I have a friend who once worked for Time (actually, several people fit under that umbrella) who once made a very interesting observation about the state of foreign news in that newsweekly, which was once famous for its excellent, sweeping coverage of world affairs.
This correspondent noted that for several years, as Time coverage of foreign news declined, it was rather easy to chart a corresponding rise in the subscription totals over at The Economist. In other words, if you subtract this form of serious news in THIS publication, then it is highly likely that you add people who are seeking that form of news to the subscription rolls over HERE.
This equation, alas, doesn’t work very well for religion news because, well, nobody in the news-magazine world is blazing a bright religion-news trail, at the moment.
Still I wanted to note a recent Economist article (yes, after several decades I recently cancelled Time and subscribed to you know what) that offered a few paragraphs of real, life, informative material about the doctrinal and lifestyle implications of one of the major conflicts that is shaping modern Islam. As frequent GetReligion readers know, this is something that this blog has been pleading for journalists to do for the eight-plus years we have been in business.
The goal, in this typically crisp and newsy Economist piece, was to describe some of the conflicts between the old Islamist guard (think the Muslim Brotherhood in Egypt) and the rising tide of fervent believers who are being called the new “Salafists.” As is often the case, the Economist team opens with an essay-form, summary lede that sets the scene:
TO SELL an idea it helps to keep it simple. This explains the appeal of Salafism, an increasingly wide, bold-coloured stripe on the very broad spectrum of modern Islamism. Its most garish manifestation has been painted in blood by the jihadist brand of Salafists, most notoriously by the holy terrorists of al-Qaeda. The Taliban in Afghanistan and Pakistan have deep Salafist roots, as do the rowdy gangs in Tunisia that have lately trashed bars, cinemas and the American embassy. Yet while Saudi Arabia’s dour Salafist version of Islam, Wahhabism, shuns political life and abhors democracy, the Salafists’ Nour Party in Egypt has played politics eagerly and effectively, capturing a quarter of the votes in last year’s general elections.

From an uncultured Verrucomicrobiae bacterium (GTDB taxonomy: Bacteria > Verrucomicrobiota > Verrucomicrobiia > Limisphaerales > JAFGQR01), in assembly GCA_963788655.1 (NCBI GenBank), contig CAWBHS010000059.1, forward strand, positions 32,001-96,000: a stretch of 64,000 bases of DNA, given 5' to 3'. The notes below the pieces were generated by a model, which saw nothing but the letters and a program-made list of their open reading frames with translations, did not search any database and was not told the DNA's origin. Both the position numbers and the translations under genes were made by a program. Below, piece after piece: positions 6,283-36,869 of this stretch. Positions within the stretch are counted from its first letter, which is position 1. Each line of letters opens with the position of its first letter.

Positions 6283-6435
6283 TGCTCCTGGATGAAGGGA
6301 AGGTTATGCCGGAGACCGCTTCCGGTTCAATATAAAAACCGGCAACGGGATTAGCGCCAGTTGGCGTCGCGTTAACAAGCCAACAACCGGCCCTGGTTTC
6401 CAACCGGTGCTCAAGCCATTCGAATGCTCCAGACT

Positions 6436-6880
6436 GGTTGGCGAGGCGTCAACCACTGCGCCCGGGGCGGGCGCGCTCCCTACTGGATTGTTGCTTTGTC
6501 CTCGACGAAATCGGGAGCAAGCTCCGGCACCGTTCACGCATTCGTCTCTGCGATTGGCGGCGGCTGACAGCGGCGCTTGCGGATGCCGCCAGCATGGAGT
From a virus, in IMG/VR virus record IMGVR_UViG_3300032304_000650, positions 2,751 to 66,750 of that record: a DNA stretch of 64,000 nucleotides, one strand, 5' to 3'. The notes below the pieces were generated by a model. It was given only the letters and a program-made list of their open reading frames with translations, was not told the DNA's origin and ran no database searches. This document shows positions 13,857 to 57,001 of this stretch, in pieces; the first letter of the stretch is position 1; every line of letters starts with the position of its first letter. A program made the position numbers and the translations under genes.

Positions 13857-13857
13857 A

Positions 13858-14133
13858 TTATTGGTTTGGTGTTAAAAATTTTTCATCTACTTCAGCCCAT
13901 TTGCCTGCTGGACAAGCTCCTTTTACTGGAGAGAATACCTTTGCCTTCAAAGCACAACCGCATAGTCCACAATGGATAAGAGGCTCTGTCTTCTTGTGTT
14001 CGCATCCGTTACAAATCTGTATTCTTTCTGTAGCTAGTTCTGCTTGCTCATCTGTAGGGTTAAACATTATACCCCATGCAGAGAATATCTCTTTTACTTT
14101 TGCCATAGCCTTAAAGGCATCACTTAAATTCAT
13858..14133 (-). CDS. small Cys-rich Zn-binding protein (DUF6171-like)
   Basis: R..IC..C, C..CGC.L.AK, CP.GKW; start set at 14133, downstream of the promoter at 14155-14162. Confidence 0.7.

What links these groups is a belief that Islam has been weakened by centuries of accumulated intellectual baggage. Muslims should dump most of it, the Salafists say, and revert to the ways of their salaf, or forebears.
God is in the details. Thus, what do the old ways look like in practical terms? This one-page article offers an short, clear, summary of how the 5,000 or so sayings and actions of the Prophet Muhammad are being interpreted by these strict believers:
In some matters this makes life easy. One should obviously eat with the right hand only, as Muhammad reportedly did. Men should grow beards. Women should cover up. And one should abhor such “innovations” in Islam as Shiism and also Sufism, with—in Salafist eyes — its silly rituals and unhealthy adulation of sainted leaders. Yet choosing which 1,400-year-old saying to apply, or which venerable act to follow, is not always easy. This is particularly so when it comes to the ever-changing intricacies of politics.
For instance, whereas one of al-Qaeda’s better-known tactics has been suicide-attacks, plenty of Salafist scholars condemn the act of suicide itself as an abomination. Some rejected the uprisings that overthrew the “infidel” rulers of Tunisia and Egypt, just because they were sparked by the suicide of Muhammad Bouazizi, a Tunisian fruit vendor. Other Salafist preachers agreed with Saudi Wahhabists that it is a sin to go against the wishes of any ruler. But more pragmatic Salafists embraced the Arab spring as a God-given opportunity.
The experience of Egypt’s Nour Party is telling. Though educated, city-dwelling Egyptians were shocked by the success of a party founded only last year, Nour has built on a tradition of Salafist sermonising and mosque-building that goes back a century. Long popular among the poor for their uncompromising views, Salafist preachers had lately been boosted by a surge in private cash from the Gulf. This financed not only fancy websites and some two dozen satellite TV channels, but also a network of charities rivalling that of the milder-mannered Muslim Brotherhood.
Now, Economist readers will not be surprised at this tide of information — backed with few if any specific attributions from sources. That’s a problem, from my point of view, but the publication speaks with this kind of authoritative voice and its readers accept that.
Clearly, if would be easy for other newsrooms to back up this kind of reporting with a wide, balanced array of sources linked to names and titles. The American model of the press is a plus, when doing that kind of work.
The article goes on to show, in practical terms, what Salafist faith looks like today. There are glimpses of Salafist hypocrisy as well.
It’s very basic, informative material. It’s also the kind of reporting that one rarely sees about the divisions and complexities that exist inside the Muslim world. Non-Muslims need to know more about this complex reality, in order to make sense of some of the world’s conflicts. This is what journalism is supposed to do.